I've seen them with several other factory configurations machined onto each end. The most common have been Male NPT on the storage tank end, a compression tubing fitting on the Compressor end, and a push-on 1/4" OD nylon tubing fitting to the pressure switch unloader.
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Reply to
Bruce L. Bergman
also inspired me to take a new look at my compressor's air leaks. I used not to worry about them, but now feel that it is not adequate. Thanks Bruce and others.
i
Reply to
Ignoramus1723
You're welcome. I try to make people's lives easier where I can - I've walked in to fix their lights, and ended up picking up two or three little totally unrelated things like that leaking check valve at the same time. You have SIX senses, use them. ;-)
Like using the "one finger check" to see whether the AC is low on Freon - if the big line is getting cold or not after the system's been running for a few minutes...
If the AC system is critically low on refrigerant, it'll put out cold air for you but the suction line at the condensing unit won't get cold. Meaning that it's going to finally quit working in a few days or weeks, depending on the size of the leaks in the system. And that excess cold is how the hermetic compressor motor gets it's cooling, so running it that low is not a good thing.
And buildings where the hydraulic elevator control valve leaks down just a little bit when the car isn't being used, that one just bugs the heck outta me. You're in there on a ladder changing a light ballast, the car goes 'bump' and drops down an inch, and my "internal earthquake alarm" goes off...
Equipment does odd shit like that for a reason. Figuring out the how and why is most of the battle, after you have that nailed the fixing is the easy part.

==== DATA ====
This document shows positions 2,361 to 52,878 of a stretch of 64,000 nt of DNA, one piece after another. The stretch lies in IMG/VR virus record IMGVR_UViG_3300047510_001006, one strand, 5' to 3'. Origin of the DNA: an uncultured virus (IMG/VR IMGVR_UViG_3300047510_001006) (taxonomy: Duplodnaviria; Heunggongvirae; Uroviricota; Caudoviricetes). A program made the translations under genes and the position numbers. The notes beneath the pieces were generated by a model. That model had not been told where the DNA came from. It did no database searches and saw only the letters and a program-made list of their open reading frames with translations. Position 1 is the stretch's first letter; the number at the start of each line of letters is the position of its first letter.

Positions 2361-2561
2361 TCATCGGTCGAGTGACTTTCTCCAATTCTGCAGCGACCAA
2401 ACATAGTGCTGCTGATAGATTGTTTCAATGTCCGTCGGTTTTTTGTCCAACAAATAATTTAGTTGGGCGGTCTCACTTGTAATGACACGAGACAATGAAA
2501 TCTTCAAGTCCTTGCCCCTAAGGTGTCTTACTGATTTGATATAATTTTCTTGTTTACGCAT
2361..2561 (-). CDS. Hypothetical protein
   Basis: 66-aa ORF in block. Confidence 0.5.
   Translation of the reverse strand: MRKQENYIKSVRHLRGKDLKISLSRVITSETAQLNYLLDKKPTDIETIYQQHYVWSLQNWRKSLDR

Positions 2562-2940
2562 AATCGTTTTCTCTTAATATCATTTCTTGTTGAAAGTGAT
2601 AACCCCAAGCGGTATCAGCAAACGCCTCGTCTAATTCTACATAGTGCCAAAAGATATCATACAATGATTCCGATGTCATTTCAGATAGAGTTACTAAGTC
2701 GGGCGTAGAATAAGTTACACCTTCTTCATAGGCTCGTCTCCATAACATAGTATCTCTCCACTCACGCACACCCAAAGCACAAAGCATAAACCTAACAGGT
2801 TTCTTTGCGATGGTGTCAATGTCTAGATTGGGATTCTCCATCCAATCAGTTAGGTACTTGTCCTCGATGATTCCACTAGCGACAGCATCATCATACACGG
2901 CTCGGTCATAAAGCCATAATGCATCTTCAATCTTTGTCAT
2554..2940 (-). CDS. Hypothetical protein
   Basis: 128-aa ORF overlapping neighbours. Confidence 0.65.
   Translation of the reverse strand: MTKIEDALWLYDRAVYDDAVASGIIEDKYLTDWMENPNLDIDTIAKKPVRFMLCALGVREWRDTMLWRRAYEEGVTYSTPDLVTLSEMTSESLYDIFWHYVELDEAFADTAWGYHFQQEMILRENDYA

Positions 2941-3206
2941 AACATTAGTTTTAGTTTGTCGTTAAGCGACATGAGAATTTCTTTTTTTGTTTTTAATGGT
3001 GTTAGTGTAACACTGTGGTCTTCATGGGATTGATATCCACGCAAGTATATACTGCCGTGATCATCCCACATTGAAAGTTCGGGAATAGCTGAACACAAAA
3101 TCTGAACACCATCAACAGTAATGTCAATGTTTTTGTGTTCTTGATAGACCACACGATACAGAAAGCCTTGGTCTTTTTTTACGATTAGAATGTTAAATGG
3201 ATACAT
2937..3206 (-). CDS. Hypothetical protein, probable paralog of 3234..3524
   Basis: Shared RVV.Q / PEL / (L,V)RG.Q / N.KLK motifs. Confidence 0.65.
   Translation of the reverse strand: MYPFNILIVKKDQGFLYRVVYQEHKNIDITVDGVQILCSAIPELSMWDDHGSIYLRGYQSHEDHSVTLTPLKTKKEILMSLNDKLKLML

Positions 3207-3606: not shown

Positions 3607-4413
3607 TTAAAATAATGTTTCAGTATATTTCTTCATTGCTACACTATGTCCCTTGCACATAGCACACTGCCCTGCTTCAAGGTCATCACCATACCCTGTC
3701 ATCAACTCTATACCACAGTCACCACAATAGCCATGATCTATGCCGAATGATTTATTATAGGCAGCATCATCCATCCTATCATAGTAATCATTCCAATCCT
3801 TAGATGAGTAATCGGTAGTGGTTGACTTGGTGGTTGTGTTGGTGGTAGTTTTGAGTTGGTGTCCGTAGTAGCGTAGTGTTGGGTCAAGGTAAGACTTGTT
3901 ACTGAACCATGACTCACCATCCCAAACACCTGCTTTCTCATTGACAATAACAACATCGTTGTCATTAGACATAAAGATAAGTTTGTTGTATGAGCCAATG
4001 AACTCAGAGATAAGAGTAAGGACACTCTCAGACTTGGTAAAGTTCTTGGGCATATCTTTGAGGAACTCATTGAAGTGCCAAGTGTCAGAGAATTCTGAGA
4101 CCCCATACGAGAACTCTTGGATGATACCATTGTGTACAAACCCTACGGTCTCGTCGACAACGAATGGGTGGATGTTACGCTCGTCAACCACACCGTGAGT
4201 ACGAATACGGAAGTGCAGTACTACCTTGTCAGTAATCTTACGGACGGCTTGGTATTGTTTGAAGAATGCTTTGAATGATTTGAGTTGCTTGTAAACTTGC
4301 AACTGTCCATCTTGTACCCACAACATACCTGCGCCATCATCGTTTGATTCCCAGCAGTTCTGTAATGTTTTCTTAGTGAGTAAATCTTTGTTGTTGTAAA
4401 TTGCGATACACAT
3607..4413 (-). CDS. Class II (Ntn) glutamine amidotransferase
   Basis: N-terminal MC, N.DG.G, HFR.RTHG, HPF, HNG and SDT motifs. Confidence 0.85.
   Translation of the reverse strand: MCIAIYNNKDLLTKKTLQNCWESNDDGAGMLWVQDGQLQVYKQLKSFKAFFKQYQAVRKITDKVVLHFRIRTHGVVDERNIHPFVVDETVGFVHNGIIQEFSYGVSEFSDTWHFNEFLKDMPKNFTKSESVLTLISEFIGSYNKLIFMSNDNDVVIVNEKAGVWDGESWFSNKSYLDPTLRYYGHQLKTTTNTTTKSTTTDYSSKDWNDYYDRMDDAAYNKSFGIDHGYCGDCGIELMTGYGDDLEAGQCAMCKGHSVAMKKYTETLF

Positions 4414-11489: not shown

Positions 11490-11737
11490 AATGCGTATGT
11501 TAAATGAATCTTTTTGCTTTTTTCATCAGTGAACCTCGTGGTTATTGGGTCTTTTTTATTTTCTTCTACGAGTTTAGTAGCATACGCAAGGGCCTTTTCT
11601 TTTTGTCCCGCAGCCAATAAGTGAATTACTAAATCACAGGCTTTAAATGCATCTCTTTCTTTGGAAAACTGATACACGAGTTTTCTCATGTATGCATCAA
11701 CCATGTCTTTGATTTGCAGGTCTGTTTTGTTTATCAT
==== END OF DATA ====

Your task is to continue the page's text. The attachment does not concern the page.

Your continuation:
-->--
PS. Sight, Hearing, Smell, Touch, Taste, Common. The last one's rare.
Reply to
Bruce L. Bergman
A customer called me Wed morning to come check out an air compressor. A brand new..well..several weeks old I-R piston type compressor. When they turned it on via the master disconnect at the inside subpanel..it blew the breaker. The compressor is located outside their shop inside of a chain link fence with privacy slats on it.
Sometime during the previous evening..parties unknown tried to steal it. Unfortunately..I suspect they were not english speakers, or anyon with a firm grasp of tools, engineering or the slightest amount of common sense.
Somewhere during the theft...after trying to move it intact..they tried to take it apart. Not having the proper tools, they resorted to a sledge hammer.
I gave them a quote for labor plus materials to put it back to right. Which will be mostly spending the day removing or cutting away the running gear and bolting up new assemblies.
Ill post pictures next week. They will not be pretty.
I rather wish that the company had forgotten to turn off the compressors power. When they gummed away at the primary wiring with a small pair of some sort of plyers...they would have received their just rewards. 460vt, 15hp motor. Big breaker...
Gunner
"At the core of liberalism is the spoiled child - miserable, as all spoiled children are, unsatisfied, demanding, ill-disciplined, despotic and useless. Liberalism is a philosphy of sniveling brats." -- P.J. O'Rourke
Reply to
Gunner